After snagging his title shot against Tiger, Giardello, as a 4-1 underdog, turned in one of his finest performances and, no doubt, strengthened his future claim to IBHOF membership. And although he successfully defended the championship just once, a 15-round unanimous decision over black challenger Rubin “Hurricane” Carter on Dec. 14, 1964, in Philly’s Convention Hall (he relinquished it in a rematch with Tiger, on a UD15 on Oct. 21, 1965, in Madison Square Garden), the Carter match was a focal point in the 1999 biopic about Carter’s life, The Hurricane, that sequence inaccurately portrayed the nod for Giardello to be the result of a racial robbery. Giardello sued, received a substantial out-of-court settlement, and as part of the deal the film’s director, Norman Jewison, admitted in the DVD that the truth of that bout might have been hedged a bit. Or quite a lot, actually.

Although not to the extent of the forever-exalted Robinson, in death as in life Giardello (his career record is 101-25-7, with 33 KO victories) remains an intriguing and, at least in the Philadelphia area, a beloved figure. One of his four sons, Carman, was born with Down Syndrome and, afterward, he tirelessly worked to raise money and awareness for children with special needs. Toward that end, he joined with Sargent and Eunice Shriver to help launch the Special Olympics in 1968. And on May 21, 2011, a life-sized statue of Giardello – who was 78 when he took his eternal 10-count on Sept. 4, 2008, the result of congestive heart failure and complications from diabetes — was unveiled in the South Philly neighborhood in which he was viewed as a hero for reasons that extended beyond his ring prowess.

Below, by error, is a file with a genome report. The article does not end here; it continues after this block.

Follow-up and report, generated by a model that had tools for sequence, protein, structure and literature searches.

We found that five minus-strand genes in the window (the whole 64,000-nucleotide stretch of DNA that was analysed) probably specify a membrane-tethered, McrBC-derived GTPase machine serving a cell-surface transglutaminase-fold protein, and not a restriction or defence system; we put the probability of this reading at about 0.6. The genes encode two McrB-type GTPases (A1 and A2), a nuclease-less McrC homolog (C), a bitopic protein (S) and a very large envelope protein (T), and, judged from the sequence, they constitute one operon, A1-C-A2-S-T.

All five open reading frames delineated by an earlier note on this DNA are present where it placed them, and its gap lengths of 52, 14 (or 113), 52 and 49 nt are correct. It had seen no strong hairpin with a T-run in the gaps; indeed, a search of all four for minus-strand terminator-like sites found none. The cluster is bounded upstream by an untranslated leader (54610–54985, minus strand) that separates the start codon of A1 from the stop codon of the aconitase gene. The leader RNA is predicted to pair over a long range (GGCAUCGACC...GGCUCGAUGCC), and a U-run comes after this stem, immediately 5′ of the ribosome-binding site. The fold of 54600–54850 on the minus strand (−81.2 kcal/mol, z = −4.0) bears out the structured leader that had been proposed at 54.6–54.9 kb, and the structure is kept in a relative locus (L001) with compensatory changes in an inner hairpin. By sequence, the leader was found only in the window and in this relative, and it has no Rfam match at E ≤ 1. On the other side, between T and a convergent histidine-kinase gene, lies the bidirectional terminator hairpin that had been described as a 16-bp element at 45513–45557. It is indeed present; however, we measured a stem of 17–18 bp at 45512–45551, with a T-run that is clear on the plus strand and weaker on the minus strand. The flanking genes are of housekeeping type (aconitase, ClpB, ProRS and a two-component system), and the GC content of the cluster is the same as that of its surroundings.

“Every now and then, somebody comes along who shows what can happen in a lifetime,” the statue’s creator, sculptor Carl LeVotch, said prior to the unveiling. “Joey Giardello is one of those guys. I saw Joey not only as a terrific fighter, but as a father who cared deeply for his disabled son.”